I am a daughter of rural Missouri who has fought and achieved concrete results for my state. I’ve been unafraid to go after anyone or anything to do what's right for Missouri, and to root out waste, fraud, and abuse in the federal government. I understand that Missourians are my bosses -- and I have showed up in every corner of the state to hear their concerns and ideas, and bring their voices back to Washington. I make it a point to listen to all Missourians. Throughout my time in the Senate, I have delivered several key victories for Missourians: from successfully targeting abuse by credit card companies and fraudulent robocalls, to my work to curb sexual assaults in the military and on college campuses, to the Arla Harrell Act -- the culmination of a two-year battle to deliver decades-overdue relief to veterans intentionally exposed to mustard gas during World War II. I always put Missouri first, and Missourians know they can count on me.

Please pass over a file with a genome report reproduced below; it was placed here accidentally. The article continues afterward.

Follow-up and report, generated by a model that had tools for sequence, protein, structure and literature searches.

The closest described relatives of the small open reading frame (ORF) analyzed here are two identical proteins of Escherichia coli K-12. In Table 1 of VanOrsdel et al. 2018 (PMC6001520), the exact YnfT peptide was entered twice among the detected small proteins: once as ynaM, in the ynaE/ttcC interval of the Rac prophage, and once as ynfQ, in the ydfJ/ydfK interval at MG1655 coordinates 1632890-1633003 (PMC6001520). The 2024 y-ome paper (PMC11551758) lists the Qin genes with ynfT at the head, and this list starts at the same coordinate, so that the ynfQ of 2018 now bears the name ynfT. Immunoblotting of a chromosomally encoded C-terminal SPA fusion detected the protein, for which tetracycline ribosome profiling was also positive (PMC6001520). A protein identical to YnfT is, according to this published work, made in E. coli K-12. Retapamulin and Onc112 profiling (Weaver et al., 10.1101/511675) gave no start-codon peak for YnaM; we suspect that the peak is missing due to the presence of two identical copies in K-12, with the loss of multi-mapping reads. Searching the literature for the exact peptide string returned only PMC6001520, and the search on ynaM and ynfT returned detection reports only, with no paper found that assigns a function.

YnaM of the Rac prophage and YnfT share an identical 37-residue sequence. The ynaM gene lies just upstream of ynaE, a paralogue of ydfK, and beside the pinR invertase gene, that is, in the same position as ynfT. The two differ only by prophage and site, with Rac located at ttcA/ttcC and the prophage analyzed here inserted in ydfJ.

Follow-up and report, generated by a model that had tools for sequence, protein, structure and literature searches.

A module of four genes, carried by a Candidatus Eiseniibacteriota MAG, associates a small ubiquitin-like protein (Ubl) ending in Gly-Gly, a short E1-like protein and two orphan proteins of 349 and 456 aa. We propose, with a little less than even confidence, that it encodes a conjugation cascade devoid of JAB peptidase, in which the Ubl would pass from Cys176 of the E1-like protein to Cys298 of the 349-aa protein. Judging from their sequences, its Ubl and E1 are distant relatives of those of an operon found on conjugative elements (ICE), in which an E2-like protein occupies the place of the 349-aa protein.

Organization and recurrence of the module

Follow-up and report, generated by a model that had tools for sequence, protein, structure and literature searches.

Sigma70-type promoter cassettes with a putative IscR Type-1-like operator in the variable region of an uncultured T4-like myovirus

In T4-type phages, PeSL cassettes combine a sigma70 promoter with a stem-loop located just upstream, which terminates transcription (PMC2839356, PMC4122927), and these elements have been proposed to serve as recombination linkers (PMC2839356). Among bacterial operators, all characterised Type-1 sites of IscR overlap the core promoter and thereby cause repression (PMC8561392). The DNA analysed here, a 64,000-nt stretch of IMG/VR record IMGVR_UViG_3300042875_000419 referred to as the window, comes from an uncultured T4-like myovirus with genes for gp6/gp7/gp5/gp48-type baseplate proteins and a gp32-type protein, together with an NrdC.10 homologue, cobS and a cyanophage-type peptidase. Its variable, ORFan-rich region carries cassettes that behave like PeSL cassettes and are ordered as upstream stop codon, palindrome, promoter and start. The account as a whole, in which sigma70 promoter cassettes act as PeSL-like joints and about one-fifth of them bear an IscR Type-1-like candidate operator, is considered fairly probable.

3. What do you feel are the most pressing issues currently facing this office and what plans do you have to address these issues? (please be specific)
I am committed to continuing the work that I’ve started in the Senate—everything from curbing sexual assault in the military and on college campuses, to reducing prescription drug costs, to protecting veterans. At a time when our politics have never seemed more polarized, I am committed to working with members of both parties to make progress and get things done for Missourians. I am not afraid to stand up to anyone – including members of my own party – to put the best interests of the people of Missouri first, and I will continue to work across the aisle to find common ground.
4. Describe how you work with, or will work with, others to address your priorities.